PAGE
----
packers final game city stadium

Green Bay Packers History: The Farewell to City Stadium

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With an unceremonious loss, the Green Bay Packers played their final game at City Stadium on Nov. 18, 1956. Though the old field held many memories for the franchise, its closure harkened the first of many new changes for the franchise.

City Stadium holds a special place in Green Bay Packers history. After all, the field on Green Bay’s east side was the franchise’s home for six NFL championship teams, not to mention the place where a multitude of stars like Don Hutson, Tony Canadeo, Clarke Hinkle, “Curly” Lambeau, and many others made their indelible marks on pro football.

So when the venerable stadium hosted its final game on Nov. 18, 1956, in a clash with the San Francisco 49ers, it was a bittersweet moment for many around the franchise. For as many memories as City Stadium held, it was the facility itself that was holding the team back.

Opened in 1925, the mostly-wooden structure was at the time one of the better stadiums in pro football. Located along the banks of the East River, players throughout the league lauded the quality playing surface for years. However, as the NFL evolved, City Stadium quickly became a relic. While teams in larger cities were playing in modern steel structures like Detroit’s Briggs Stadium or Cleveland’s Municipal Stadium, City Stadium’s wood seating and spartan setup was a glaring shortcoming for the Packers.

Additionally, City Stadium’s peak capacity of 25,000 was dwarfed by its NFL counterparts. By comparison, just to the south, both franchises in Chicago – the Bears and Cardinals – were playing in stadiums – Wrigley Field and Comiskey Park – with seating for over 40,000 individuals, while other places like Baltimore’s Memorial Stadium or New York’s Polo Grounds held well in excess of 50,000 people

The stadium itself became one of the arguments for the Packers moving out of Green Bay. Not only was the franchise struggling with finances by the late 1940s and early 1950s, but an enticing option emerged just to the south in Milwaukee with the opening of County Stadium in 1953.

At this point, NFL began putting pressure on the Packers: build a new stadium or move out of Green Bay. A referendum vote was set to approve a $960,000 bond to construct a new stadium.

“We have firm offers for a franchise from many cities whose stadiums can accommodate larger crowds,” NFL commissioner Bert Bell said in a letter to the Green Bay Press-Gazette days before the referendum vote. “There is no doubt in my mind that the Green Bay Packers could sell their franchise (God forbid) for a maximum of three quarters of a million dollars. Therefore, it is my opinion that it would be good business judgment on the part of the citizens of Green Bay to approve the referendum for a new stadium.”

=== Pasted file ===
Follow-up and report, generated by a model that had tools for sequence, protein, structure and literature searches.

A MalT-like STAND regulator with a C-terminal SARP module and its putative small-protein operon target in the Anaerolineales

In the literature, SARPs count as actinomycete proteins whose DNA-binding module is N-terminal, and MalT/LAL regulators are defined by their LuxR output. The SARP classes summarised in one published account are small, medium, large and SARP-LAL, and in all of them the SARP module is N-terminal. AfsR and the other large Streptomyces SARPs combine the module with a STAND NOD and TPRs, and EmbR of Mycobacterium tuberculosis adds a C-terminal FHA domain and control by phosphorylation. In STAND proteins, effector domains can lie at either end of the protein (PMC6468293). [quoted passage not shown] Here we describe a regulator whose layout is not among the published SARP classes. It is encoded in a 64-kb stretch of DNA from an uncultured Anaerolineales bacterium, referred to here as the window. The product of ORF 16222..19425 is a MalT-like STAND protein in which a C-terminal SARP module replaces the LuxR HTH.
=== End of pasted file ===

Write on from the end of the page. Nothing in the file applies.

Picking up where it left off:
The referendum passed by a sizeable margin, paving the way for Green Bay City Stadium or, as it’s known today, Lambeau Field. But the team had one final season in City Stadium before that dream of a new stadium could become a reality.

So, on a cold November afternoon, the Packers took the field for the final time at City Stadium. Well out of the playoff race at 2-5, head coach Lisle Blackbourn made the decision to start rookie Bart Starr at quarterback.

Starr performed admirably, completing three-of-six passes for 63 yards and a touchdown in staking the Packers to an early 9-0 lead on the 49ers. However, a second-quarter redzone interception prevented Green Bay from extending its lead, while San Francisco’s Y.A. Tittle responded by guiding the 49ers to a touchdown right before the half.

The 49ers took their first lead of the game early in the third, when “Hurryin’” Hugh McElhenny found the endzone on an 86-yard scamper. Moments later, San Francisco made it 17-9 with a Gordy Soltau field goal.

Starr was replaced behind center by Tobin Rote, who guided the Packers on a five-play, 64-yard drive that culminated in the veteran signal-caller calling his own number on a one-yard QB sneak to get Green Bay within 17-16. The Packers had two more chances to take back the lead in the fourth, but a muffed punt by Al Carmichael coupled with a Howie Ferguson fumble deep in 49er territory with two minutes left quashed Green Bay’s comeback.

While the game, like much of the 1950s, was a dud for the Packers, the game itself was a transition between eras for the franchise. Not only was the team moving from dilapidated City Stadium to Green Bay City Stadium (the first stadium built exclusively for pro football, by the way), but the game offered a glimpse of a new era for the team. In addition to Starr, five other players who would become key cogs of the Lombardi years – fellow future Pro Football Hall of Famers Forrest Gregg and Jim Ringo, plus Dave Hanner, Bill Forester, and Bob Skoronski – saw significant action in the game.

So, while the game itself was a loss, what happened that day at City Stadium set the stage for the rise of the next Packers dynasty.

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